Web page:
By Marilyn Friend, Ph.D.
University of North Carolina at Greensboro
Representative to the Representative Assembly (RA) for the Teacher Education Division (TED)
This semester, I’m teaching a doctoral level seminar on collaboration as it pertains to the field of special education. My students have background in early childhood education, speech/language therapy, and special education. As we begin to explore the state of the art of school collaboration, they are raising concerns that I suspect also are pertinent to most of you reading these posts. They’ve raised issues such as these, topics that I hope some of you are interested in commenting on:
- Educators often say that they value collaboration, but when it comes to implementation, they may decide they only want to collaborate with certain individuals or in situations that are their choice. One of the most difficult aspects of collaboration is the understanding that it should be based on the goal to be achieved. That is, if attaining a goal (for us, usually positive student outcomes, but it could be others, such as designing a new program, revising curriculum, or creating a professional development activity) is most likely when professionals work together, then collaboration is necessary. It’s not a matter of choice based on preference, it’s a matter of choice based on understanding the goal.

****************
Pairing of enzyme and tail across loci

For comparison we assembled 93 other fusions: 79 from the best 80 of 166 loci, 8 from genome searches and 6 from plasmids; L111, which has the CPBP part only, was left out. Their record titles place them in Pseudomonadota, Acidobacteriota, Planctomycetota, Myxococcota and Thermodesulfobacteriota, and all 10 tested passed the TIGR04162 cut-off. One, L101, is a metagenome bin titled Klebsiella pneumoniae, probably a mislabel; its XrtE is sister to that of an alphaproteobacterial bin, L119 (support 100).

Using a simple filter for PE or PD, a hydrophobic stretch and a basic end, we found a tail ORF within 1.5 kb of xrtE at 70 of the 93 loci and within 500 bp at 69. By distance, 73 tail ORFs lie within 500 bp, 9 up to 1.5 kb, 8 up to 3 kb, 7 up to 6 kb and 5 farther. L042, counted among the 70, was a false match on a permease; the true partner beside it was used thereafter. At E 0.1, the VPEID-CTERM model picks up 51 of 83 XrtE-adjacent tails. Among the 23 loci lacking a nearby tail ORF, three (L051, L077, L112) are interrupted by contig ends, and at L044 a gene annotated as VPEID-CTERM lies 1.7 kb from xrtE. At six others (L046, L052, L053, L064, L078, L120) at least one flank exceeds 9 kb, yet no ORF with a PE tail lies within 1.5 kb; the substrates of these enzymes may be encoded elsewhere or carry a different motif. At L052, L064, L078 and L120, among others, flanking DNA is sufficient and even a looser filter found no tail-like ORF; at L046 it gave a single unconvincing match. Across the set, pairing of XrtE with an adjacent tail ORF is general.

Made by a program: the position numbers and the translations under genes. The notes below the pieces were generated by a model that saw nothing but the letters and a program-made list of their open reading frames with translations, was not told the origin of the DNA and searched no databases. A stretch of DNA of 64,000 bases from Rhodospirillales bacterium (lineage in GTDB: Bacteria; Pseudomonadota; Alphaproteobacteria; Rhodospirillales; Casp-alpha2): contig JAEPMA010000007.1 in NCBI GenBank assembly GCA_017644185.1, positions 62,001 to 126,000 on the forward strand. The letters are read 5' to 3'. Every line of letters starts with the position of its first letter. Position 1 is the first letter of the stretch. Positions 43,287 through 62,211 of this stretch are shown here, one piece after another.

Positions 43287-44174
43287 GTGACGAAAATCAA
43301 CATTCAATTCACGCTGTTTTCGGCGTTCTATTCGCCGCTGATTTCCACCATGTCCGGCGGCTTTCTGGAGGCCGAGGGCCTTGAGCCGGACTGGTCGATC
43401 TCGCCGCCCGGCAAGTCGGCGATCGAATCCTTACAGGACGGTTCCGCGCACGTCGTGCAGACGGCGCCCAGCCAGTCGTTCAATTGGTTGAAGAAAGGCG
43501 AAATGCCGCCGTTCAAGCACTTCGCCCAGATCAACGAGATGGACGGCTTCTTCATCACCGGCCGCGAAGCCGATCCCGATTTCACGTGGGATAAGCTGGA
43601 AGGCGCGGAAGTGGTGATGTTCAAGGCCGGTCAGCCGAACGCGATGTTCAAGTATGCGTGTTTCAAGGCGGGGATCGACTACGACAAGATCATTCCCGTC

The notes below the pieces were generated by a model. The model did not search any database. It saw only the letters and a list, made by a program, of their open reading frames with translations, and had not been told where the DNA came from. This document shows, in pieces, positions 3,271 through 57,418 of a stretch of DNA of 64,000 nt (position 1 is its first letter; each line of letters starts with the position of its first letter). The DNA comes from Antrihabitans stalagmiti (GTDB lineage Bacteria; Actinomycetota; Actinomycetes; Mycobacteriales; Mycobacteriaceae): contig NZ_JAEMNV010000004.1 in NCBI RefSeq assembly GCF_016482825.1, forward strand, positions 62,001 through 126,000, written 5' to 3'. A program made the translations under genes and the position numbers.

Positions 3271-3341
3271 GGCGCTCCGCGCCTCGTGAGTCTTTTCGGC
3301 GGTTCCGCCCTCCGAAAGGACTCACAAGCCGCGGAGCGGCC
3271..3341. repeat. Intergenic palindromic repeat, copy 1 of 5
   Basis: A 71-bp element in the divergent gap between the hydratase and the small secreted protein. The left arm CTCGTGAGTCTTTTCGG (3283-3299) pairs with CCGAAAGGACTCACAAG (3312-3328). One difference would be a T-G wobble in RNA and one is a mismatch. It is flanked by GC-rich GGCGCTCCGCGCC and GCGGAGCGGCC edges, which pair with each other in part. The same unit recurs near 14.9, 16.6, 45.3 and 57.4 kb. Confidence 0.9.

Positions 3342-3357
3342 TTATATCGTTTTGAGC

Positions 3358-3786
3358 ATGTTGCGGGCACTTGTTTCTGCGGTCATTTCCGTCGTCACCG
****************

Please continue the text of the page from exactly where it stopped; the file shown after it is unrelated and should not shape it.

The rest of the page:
Enough! I hope that these comments prompt you to think further about the collaboration that occurs (or doesn’t?) in your own situation and to ask questions or post comments about successes as well as dilemmas. I’ll check in several times between now and the end of the week to see what you’ve added. I’ve also asked my students to check the site, and so you might hear from them as well.